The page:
You’ve done that to me since you were born, Buhboo. With your actions (when I was stressed and needed you to chill or sleep or stay asleep, you magically did), and now, with your attention.
Thank you, Buhboo. You heal me with your words and your attention. I love you, Anaiya.
Van Worst Park is such a simple pleasure. When we moved to Jersey City, we couldn’t quite justify living on the water, so we paid attention to a Realtor who told us that if we can’t get the water in JC, we should be happy with a park. It’s a solid park. But it turned into something special earlier this afternoon.
The weather was nice. We were headed into winter and the fact that it was nice outside (meaning we could go outside without fearing you’d hate us for a few hours after the fact) meant that we had to go outside. You’re an outdoor baby. It calms you. I feel like your happiness is directly correlated to the number of leaves you see around you — maybe with a bit of sunshine factored in.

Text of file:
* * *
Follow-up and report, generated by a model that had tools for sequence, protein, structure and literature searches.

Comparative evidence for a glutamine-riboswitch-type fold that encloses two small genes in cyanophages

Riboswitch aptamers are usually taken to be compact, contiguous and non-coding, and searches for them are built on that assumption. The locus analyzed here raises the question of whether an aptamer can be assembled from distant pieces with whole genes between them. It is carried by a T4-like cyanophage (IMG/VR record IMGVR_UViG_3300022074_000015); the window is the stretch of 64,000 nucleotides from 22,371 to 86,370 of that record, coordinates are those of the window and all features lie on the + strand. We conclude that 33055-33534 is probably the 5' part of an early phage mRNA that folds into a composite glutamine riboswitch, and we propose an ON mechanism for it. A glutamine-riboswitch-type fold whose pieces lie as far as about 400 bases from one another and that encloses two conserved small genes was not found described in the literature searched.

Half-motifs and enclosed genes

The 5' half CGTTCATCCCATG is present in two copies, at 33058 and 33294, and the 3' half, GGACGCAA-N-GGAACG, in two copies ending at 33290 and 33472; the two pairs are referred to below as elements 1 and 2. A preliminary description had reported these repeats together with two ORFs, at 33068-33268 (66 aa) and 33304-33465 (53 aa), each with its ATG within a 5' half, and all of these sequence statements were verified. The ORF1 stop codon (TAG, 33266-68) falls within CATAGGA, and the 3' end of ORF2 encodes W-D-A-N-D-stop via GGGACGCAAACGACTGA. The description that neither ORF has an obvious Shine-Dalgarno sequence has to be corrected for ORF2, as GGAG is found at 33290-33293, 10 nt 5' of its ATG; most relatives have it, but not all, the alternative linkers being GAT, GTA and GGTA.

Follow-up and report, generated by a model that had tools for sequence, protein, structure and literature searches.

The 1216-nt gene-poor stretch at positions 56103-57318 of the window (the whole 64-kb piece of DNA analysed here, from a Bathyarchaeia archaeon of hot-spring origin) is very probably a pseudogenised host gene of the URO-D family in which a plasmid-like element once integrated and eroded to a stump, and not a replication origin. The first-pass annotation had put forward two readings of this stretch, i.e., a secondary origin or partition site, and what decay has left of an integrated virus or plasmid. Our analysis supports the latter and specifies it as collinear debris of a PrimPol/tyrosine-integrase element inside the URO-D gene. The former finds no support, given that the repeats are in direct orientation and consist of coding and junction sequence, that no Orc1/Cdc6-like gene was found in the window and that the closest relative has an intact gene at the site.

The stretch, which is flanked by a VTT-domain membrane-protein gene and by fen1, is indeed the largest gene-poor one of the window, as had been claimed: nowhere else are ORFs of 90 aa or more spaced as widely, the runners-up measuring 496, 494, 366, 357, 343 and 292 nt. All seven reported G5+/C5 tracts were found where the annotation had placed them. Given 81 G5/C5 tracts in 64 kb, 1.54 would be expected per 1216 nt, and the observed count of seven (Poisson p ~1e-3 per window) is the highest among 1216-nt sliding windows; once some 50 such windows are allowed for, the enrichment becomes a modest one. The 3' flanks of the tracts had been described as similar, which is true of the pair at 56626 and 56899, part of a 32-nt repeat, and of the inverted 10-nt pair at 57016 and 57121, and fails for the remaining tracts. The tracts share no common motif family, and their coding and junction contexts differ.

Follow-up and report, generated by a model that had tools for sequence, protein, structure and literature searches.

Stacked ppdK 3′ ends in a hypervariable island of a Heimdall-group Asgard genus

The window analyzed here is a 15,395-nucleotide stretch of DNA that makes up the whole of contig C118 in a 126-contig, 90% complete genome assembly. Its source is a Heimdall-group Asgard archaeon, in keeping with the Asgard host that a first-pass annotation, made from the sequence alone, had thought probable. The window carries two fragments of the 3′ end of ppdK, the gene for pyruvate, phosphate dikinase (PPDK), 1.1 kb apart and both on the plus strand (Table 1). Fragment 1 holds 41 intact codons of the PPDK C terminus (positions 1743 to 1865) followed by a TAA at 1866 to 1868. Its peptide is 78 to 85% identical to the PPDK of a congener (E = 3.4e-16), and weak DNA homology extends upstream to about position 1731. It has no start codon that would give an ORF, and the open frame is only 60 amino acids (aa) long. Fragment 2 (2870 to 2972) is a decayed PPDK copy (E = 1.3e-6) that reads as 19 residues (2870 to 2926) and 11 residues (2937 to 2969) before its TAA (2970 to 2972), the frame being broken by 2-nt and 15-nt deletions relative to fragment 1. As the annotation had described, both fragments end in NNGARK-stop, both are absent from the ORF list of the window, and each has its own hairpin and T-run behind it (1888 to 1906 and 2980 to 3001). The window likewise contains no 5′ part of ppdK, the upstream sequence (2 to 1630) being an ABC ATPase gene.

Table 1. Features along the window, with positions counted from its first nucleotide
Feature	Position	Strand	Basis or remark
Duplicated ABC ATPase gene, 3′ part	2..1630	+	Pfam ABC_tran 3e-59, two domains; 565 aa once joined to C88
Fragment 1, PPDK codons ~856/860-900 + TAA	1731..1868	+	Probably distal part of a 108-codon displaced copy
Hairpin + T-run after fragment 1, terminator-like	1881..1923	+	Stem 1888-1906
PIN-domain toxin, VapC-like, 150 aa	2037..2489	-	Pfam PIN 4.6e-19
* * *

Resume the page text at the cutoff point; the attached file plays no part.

It’s always been that way, though. From the moment we could take you outside, if we did, you were happier. Taking it all in. Looking around you. Observing. Reaching. The first thing I ever saw you reach for was a leaf. And you went for it. Like you do everything. You saw. You committed. And you went for it.
The park on this beautiful late Fall day was no different. We strolled. You did some slide work. Pulled yourself up to a lovely outdoor abacus. And life was grand. But nothing compared to you on that swing. It was freedom. You were seated. And you were experiencing. No fear. No matter how excited I got and how hard I pushed. You smiled on your way to us and on your way back. Sheer happiness.
I’d like to get a swing installed in every room in our condo. What do you think? My guess if you could respond? Weeeeeeeeeeeeee! Which totally explains my love for you today, munchkin. It was as exhilarating to watch you on that swing as it has been for me to take loops at Great Adventure.